Potential disadvantages include high cost and a possible increase in the risk of tendon rupture, gout, and a heart arrhythmia called atrial fibrillation. Results from larger trials are expected in late 2022.

Evinacumab (Evkeeza)

What it does: Rare people born without a cholesterol-processing protein called ANGPTL3 have extremely low LDL and triglyceride levels, reducing their risk of coronary heart disease by about 40%. Taking a cue from nature, scientists developed evinacumab, a monoclonal antibody that shuts down ANGPTL3, mimicking this rare condition and leading to dramatic LDL lowering of nearly 50% in one study.

How to give: Monthly intravenous infusion

Currently, the FDA has only approved evinacumab for people with familial hypercholesterolemia. Evinacumab appears safe in early studies, but it is very expensive and can only be administered in a doctor’s office.

Inclirisan (Leqvio)

What it does: Inclirisan blocks PCSK9. However, unlike alirocumab and evolocumab, which inactivate PCSK9 after it is produced, inclirisan inhibits the production of PCSK9 in the liver. Inhibiting PCSK9 leads to an increase in the number of LDL receptors on the surface of the liver, accelerating the clearance of LDL from the bloodstream and reducing LDL by about 50% (see here and here).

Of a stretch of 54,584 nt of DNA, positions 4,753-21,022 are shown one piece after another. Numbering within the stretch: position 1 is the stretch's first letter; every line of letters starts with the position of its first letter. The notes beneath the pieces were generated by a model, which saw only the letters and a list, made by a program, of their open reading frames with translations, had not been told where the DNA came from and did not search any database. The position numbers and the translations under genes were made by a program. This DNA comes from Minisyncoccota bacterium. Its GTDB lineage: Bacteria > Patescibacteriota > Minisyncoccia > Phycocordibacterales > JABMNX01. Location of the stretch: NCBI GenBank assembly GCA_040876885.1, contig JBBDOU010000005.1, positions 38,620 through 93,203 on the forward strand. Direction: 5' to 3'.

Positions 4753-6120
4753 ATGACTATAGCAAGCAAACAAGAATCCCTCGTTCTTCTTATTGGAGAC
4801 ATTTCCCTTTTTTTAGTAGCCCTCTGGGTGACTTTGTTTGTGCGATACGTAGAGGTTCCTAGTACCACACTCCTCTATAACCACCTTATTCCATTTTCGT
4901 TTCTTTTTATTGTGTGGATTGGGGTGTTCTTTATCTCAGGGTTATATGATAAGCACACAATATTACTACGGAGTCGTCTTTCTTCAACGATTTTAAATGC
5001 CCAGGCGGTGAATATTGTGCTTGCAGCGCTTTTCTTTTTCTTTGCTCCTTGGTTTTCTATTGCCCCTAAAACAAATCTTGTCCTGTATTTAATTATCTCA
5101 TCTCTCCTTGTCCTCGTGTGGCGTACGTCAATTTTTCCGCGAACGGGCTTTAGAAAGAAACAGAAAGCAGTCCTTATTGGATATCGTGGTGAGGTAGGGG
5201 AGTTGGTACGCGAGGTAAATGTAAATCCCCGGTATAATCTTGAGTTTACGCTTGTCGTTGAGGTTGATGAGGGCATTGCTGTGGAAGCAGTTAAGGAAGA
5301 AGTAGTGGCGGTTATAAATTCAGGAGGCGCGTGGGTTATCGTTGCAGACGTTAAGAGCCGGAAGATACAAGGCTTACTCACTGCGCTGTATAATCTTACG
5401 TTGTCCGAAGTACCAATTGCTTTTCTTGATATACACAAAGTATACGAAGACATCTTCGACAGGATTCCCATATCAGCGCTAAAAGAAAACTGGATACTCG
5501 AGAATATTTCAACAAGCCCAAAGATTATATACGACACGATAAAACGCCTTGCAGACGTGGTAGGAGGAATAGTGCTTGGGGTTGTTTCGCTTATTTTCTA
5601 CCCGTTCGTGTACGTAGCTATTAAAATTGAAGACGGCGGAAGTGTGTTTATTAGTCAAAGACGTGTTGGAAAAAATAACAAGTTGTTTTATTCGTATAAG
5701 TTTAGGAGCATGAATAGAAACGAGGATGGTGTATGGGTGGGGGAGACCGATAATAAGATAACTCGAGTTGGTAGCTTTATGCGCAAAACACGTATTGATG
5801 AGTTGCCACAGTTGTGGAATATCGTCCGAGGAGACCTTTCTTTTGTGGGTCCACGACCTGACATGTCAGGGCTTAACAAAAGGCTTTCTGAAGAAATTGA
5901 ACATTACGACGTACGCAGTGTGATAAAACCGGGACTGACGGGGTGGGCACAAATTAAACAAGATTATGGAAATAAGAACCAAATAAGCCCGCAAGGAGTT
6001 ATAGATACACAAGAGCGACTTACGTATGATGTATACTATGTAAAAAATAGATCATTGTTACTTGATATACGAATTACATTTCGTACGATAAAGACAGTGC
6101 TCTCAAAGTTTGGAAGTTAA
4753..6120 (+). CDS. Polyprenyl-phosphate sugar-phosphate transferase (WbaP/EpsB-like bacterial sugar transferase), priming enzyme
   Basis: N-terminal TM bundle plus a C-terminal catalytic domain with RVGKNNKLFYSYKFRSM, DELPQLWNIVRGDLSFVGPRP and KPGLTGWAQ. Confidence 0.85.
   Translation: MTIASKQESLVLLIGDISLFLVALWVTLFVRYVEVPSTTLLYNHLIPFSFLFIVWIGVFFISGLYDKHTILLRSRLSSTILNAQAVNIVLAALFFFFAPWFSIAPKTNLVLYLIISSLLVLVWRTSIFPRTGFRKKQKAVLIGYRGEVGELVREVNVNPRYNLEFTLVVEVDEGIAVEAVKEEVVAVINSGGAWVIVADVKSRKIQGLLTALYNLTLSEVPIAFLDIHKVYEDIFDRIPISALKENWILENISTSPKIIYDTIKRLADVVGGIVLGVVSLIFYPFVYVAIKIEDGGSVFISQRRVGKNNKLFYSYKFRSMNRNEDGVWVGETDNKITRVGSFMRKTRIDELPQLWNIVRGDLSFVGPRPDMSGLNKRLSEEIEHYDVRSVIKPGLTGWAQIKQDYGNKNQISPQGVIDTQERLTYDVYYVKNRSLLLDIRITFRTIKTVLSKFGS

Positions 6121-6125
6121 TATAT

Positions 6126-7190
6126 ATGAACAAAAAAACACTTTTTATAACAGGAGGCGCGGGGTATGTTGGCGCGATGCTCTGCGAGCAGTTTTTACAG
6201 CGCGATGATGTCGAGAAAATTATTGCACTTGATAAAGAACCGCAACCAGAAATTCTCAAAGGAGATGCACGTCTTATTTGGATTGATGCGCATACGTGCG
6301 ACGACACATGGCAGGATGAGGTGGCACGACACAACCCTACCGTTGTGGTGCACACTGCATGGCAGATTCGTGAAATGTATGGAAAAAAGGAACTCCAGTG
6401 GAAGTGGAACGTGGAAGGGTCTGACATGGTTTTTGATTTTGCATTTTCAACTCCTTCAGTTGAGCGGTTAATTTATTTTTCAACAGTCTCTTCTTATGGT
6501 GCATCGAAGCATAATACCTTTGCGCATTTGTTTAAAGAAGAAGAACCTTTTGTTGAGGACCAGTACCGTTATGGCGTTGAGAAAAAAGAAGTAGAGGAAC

How to give: Injection every six months

Potential disadvantages include increased rates of urinary tract infections, joint and muscle pain, diarrhea and shortness of breath. This drug is expensive and insurance may not cover it.

What does the report recommend?

It reinforces the importance of customizing an LDL-lowering plan by considering individual risk, drug cost, and genetic factors. A combination of lifestyle changes and medication can help people achieve better LDL control. So if you have elevated LDL cholesterol, try to follow healthy eating patterns, exercise regularly, avoid smoking and cigarettes, and maintain a healthy weight.

  • Statin drugs are the first choice of treatment for anyone who has elevated cholesterol and cardiovascular risk factors, such as diabetes and high blood pressure.
  • If statins are not enough to help you reach your LDL goal or if the side effects are intolerable, ezetimibe should be added. PSCK9 inhibitors are then considered for those who remain at increased risk after adding ezetimibe.
  • If LDL targets still cannot be achieved in people with cardiovascular disease, bempedic acid and inclirizane are considered.
  • For those with familial hypercholesterolemia, evinacumab may be appropriate.

Cardiologists are eagerly awaiting the results of studies looking at whether the three new LDL-lowering drugs also reduce the risk of heart attack, stroke and other poor cardiovascular outcomes. Until then, their use is likely to be limited to high-risk people for whom proven, less expensive drugs cannot meet LDL goals.